I think it is obviously the case that "outcomes produced by intentional actions" are often "not what the conscious intent of story tellers was aiming for."  And fully agree that the intentions of authors (or painters or politicians) are much less than an adequate description of both why they did what they did and how it plays out in the world.  I am though much less inclined to say that "intentional actions" are therefore irrelevant.  I may not be fully aware of why I act they way I do, but that's not the same thing as saying that my conscious intentions play no role whatsoever in how I act or in the results of my actions.  Nor is it to say that I, inevitably, have exercised no choice in my behavior, that how I acted is fully and deterministically emergent.  

The key here is a set of ideas that Tim and I played with together several years ago, the notion that what comes with consciousness is the ability to create "counter-factuals," ways of making sense of the world and one's place in it over and above the particular one that one has at any given time.  By virtue of being able to somewhat non-deterministically conceive counter-factuals, story tellers have some ability to move the world around them in directions it might otherwise not have moved, and to move themselves in new directions as well. 

At least, so the story goes.  And what it in turn implies is not that we have no blind spots nor that we don't sometimes act as beavers, and certainly not that we can eliminate emergence, the unexpected or unanticipated, either in ourselves or in the universe of which we are a part.  But the story also implies that we have the potential to be an additional "intentional" influence both on the world and on ourselves and that we can cultivate that potential, in ourselves and others, by enhancing our capacity to generate counter-factuals.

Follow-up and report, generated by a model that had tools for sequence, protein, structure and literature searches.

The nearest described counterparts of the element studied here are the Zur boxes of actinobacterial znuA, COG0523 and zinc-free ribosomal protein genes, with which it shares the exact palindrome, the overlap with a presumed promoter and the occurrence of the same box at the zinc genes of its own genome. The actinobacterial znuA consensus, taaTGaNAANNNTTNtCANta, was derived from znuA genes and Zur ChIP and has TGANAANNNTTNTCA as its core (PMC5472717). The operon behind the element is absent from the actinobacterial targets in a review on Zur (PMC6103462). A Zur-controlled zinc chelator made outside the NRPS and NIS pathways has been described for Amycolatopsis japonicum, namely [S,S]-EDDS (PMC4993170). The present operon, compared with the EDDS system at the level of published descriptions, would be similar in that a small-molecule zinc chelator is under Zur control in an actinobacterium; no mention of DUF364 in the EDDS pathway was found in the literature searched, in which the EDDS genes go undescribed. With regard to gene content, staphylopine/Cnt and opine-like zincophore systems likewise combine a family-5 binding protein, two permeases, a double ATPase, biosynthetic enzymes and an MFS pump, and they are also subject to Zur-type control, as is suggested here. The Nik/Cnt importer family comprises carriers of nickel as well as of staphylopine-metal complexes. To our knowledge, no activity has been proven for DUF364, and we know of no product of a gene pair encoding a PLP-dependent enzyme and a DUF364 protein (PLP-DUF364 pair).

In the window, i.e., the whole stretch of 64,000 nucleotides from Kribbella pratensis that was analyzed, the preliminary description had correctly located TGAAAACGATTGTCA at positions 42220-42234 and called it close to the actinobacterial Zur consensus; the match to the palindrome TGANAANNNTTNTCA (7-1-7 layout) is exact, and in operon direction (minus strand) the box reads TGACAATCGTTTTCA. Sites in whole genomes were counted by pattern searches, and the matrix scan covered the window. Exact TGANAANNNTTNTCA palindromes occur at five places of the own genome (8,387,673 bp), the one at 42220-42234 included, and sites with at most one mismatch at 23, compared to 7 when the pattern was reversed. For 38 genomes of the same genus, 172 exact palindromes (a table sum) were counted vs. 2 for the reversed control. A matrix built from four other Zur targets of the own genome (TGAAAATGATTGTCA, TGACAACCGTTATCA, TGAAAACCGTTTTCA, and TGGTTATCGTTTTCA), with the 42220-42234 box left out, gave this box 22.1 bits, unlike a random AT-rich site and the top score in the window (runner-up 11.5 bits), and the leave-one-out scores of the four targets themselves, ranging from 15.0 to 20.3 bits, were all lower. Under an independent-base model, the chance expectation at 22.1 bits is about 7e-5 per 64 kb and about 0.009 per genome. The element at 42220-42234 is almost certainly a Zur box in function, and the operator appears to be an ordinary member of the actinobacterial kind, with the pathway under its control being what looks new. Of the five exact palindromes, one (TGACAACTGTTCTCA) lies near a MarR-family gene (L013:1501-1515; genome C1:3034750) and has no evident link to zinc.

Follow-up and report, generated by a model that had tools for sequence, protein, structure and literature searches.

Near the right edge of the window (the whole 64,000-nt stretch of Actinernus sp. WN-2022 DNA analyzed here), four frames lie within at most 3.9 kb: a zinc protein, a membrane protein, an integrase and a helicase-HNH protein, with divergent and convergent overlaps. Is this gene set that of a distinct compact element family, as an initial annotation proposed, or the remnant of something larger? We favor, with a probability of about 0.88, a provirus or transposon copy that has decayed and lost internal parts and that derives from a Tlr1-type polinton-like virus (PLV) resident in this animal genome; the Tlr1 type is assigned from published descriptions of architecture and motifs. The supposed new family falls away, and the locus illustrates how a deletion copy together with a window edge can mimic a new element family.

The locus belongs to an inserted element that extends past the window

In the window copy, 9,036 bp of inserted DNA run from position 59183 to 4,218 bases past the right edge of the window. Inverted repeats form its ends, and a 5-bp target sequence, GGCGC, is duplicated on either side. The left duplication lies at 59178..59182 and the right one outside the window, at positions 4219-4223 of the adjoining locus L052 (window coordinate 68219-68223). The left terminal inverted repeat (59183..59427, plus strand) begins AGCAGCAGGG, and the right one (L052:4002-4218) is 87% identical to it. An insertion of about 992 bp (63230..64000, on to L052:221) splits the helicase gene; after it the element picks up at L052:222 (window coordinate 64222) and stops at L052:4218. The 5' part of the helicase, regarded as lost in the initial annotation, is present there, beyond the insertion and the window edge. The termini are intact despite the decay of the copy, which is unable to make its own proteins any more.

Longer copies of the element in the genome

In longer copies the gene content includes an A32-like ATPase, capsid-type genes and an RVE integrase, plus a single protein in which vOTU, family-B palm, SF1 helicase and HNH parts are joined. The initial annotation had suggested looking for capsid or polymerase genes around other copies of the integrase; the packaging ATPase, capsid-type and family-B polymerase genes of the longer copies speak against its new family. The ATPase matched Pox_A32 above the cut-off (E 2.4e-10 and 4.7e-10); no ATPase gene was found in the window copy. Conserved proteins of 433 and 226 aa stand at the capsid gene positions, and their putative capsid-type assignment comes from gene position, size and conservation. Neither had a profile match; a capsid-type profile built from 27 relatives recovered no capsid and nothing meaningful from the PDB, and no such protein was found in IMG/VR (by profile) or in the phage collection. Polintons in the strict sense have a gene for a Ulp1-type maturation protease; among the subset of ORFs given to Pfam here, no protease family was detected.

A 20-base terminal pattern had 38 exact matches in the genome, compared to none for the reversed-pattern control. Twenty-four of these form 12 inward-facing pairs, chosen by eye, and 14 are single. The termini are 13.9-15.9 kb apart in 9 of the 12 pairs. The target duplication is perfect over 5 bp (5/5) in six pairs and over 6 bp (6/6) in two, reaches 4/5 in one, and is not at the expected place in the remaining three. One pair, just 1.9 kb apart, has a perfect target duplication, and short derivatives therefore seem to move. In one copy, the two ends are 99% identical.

Is the story provably true?  No, of course not, no more than any other story is.  But it fits the observations and gives us some new territory to explore, the interface of the emergent and the intentional.  And that's all a good story can ever do.  As William James put it, "my first act of free will shall be to belive in free will" ... to see what happens.  Perhaps we can try the same trick with the intentional?  And, in so doing, get beyond both our existing blindspots and  our current senses of ways we want to  remake the universe?